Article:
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Report, 2006


Carlsson Anders, Stymne Sten, Dyer John


EXECUTIVE SUMMARY EPOBIO is an international project to realise the economic potential of plant-derived raw materials by designing new generations of bio-based products that will reach the marketplace 10-15 years from now. At a Workshop held in Wageningen in May 2006 a wide range of experts considered the Flagship theme of plant oils and identified a lubricant product developed in the non-food oilcrop Crambe abyssinica as the first target for EPOBIO to consider. This report sets out the conclusion of a detailed literature review and an analysis of environmental impacts and the economic case. It also takes account of inputs from international scientists and industrialists. Bio-renewables, such as plant-derived oils, are a sustainable means of providing the essential products needed by society. In this context, plant oils are already major agricultural commodities with around 20% by value used for non-food applications. Two plant-derived fatty acids, erucic and lauric acid, have been competing with petroleum alternatives for many years. Historically, cost has been the major bottleneck limiting the development of new plant-derived oils. But, in the context of the escalating cost of crude oil and also the increasing concerns about both finite supply and security of supply, there is an emerging strategic need to develop additional renewable products from plant oils. This report shows that the production of wax esters for the manufacture of lubricants, from the non-food oilcrop Crambe abyssinica can become viable in Europe. Viability would be further enhanced in scenarios where the hulls and meal remaining after oil extraction are used to produce heat and/or electricity for use in the production process. In addition to the economic benefit of using the co-products for bioenergy, this alternative to the use of fossil-derived energy would have the advantage of reducing carbon dioxide emissions and making a contribution to renewable energy targets. The reduced environmental impact of this renewable product demonstrates sustainable production. Crambe is a low input crop when compared to many other oilcrops that could be cultivated in Europe. This offers potential to reduce the use and hence environmental burden of fertilisers and water. Crambe has been chosen as the candidate crop platform for industrial production of wax esters because its oil is not suitable for use in food applications. This is an essential requirement since the manufacture of wax esters in Crambe can only be achieved through genetic modification of the plant. The report recommends a gene discovery programme to identify the relevant enzymes for production of the relevant wax esters in high yields in parallel to optimisation of a routinely applicable plant transformation system for Crambe and an agronomy programme to achieve a robust, mainstream agricultural crop. There is existing intellectual property (IP) in the area of wax ester production in oilcrops – this is typical of many applications involving the use of plant biotechnology. Analyses of the existing patent landscape and the opportunity for commercial development of wax esters in Crambe will be essential tasks needed to underpin future research and development of this application. The implications for the use of a genetically modified plant, the impact of current GMO regulations in Europe and the associated substantial regulatory compliance costs have to be considered. Small and medium sized enterprises are unlikely to be able to bear the costs associated with these issues and so future exploitation is likely to be undertaken only by multinationals. Taken together, these constraints have the potential to limit development in Europe and lead to a continuing dependence on imported fossil oil and a continuing loss of competitive advantage to other countries and regions where the cultivation of genetically modified crops is not constrained. The risks associated with the use of a genetically modified crop can be mitigated in a number of ways. First, the use of a crop which cannot be used for food or feed is important. This is considered essential from a regulatory perspective, given that the infrastructure in agriculture cannot ensure ‘fail-safe’ separation of differentvarieties/traits in the same crop species. However, the use of a non-food crop can have negative consequences since oilcrops such as Crambe have not been optimised for mainstream agriculture and their oil yield needs to be improved. Second, risks can be further mitigated by the choice of a crop for which interspecies crosses with the closest-related species give sterile offspring. It is not anticipated that Crambe will be able to cross easily with its related species. A third means of risk mitigation is the adoption of the same identity preservation practices for the cultivation of non-food GM crops as those already in place for the cultivation of GM foodcrops. The Common Agricultural Policy (CAP) has decoupled subsidy from production and brought a new emphasis on market forces. Crambe for oil production could be grown on maincrop land and also on set-aside land, for as long as that cultivation option is retained in the CAP. The development of a new crop with clear market potential could help underpin commercially focussed farming in the future. Developments such as this will help to create and sustain employment both in the farming sector and in rural areas. In addition, the optimisation of processing an oilcrop for wax ester production will link into opportunities for integrated and zero waste, rural biorefineries further delivering economic benefit in rural areas. Beyond Europe there is significant potential to develop alternative sources of wax esters. The report notes that current jojoba varieties have scope for improvement in collaboration with developing countries. Collaboration with the US on alternative crops such as soybean could benefit from information exchanged by research programmes on European oilcrops such as Crambe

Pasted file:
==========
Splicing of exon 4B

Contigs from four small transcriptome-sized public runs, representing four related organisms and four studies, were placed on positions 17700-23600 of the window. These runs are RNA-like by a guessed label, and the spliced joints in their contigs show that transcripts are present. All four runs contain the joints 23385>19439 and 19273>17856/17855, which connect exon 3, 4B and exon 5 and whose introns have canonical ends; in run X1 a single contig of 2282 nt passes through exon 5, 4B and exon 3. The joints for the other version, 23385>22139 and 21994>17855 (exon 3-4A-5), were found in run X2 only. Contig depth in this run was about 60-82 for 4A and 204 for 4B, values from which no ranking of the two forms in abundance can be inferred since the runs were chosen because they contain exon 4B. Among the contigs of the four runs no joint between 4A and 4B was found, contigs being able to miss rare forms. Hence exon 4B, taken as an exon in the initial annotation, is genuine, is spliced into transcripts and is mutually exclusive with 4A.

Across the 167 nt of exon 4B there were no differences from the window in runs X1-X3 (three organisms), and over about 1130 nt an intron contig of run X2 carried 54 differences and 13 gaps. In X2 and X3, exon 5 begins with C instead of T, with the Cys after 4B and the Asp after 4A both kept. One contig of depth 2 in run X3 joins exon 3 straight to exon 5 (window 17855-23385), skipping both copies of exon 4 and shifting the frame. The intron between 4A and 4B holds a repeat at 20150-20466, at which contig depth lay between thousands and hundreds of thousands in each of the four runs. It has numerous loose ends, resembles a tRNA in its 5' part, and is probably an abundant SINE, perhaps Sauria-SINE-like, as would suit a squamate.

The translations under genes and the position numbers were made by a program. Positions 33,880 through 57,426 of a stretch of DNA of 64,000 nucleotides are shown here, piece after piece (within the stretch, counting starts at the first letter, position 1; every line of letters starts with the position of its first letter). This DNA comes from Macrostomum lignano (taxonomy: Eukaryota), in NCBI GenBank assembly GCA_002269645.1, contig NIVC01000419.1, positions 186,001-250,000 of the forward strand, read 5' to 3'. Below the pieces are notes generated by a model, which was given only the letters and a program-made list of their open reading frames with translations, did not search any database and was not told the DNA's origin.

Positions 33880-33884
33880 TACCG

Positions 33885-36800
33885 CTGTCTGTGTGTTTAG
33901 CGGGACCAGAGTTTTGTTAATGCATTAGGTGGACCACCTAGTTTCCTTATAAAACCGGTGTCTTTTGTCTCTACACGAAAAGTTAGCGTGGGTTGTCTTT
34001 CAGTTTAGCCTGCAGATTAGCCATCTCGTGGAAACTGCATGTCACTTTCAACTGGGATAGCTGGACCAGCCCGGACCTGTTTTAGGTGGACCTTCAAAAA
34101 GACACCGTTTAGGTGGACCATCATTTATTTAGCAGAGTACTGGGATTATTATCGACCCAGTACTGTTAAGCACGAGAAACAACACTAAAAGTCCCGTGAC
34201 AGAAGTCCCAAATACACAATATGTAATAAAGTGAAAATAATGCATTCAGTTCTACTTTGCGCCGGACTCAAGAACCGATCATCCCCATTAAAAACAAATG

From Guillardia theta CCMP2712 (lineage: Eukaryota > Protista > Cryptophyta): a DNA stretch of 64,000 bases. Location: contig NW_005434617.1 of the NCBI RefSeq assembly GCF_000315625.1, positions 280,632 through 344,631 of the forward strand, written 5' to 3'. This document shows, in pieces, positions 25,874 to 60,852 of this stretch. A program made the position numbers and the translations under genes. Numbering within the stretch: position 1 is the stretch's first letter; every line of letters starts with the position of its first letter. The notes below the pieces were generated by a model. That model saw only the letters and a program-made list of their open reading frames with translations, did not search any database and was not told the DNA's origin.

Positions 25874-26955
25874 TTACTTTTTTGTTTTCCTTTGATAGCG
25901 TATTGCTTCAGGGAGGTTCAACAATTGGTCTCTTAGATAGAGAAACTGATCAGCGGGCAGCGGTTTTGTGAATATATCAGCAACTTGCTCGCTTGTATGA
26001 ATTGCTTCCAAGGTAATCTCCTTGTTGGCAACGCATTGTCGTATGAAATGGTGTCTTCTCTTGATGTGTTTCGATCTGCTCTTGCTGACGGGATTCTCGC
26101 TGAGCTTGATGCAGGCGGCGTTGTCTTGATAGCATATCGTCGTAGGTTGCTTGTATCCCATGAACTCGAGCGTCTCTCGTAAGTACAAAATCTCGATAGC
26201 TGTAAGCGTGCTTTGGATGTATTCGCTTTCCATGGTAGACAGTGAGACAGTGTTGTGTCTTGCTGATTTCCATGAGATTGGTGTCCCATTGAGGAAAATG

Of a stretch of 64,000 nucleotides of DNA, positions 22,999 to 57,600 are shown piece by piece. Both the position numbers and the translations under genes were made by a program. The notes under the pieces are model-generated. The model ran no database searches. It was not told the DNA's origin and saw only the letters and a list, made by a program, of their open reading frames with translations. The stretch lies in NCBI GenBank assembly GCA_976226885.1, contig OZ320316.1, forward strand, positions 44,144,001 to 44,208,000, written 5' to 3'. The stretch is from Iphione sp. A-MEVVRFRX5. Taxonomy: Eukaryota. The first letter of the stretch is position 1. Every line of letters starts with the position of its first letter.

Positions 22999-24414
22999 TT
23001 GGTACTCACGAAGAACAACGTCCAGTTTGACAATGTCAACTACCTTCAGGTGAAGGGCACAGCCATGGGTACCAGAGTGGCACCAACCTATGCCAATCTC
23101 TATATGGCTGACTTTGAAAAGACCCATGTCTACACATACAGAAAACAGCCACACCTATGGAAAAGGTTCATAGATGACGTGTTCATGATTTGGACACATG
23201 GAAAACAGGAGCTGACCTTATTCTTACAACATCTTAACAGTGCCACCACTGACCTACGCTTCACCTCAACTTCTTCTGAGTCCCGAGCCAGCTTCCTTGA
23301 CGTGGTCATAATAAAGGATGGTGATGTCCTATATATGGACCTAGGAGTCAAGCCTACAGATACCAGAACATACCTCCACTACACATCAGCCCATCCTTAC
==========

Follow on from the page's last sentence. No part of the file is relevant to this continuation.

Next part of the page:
Published in

ISBN: 10: 1-872691-03-X
Publisher: CPL Press, Tall Gables, The Sydings, Speen, Newbury, Berks RG14 1RZ, UK

Authors' information

Swedish University of Agricultural Sciences, Department of Crop Science
Swedish University of Agricultural Sciences, Department of Crop Science
Dyer, John

UKÄ Subject classification

Renewable Bioenergy Research
Agricultural Science
Environmental Sciences related to Agriculture and Land-use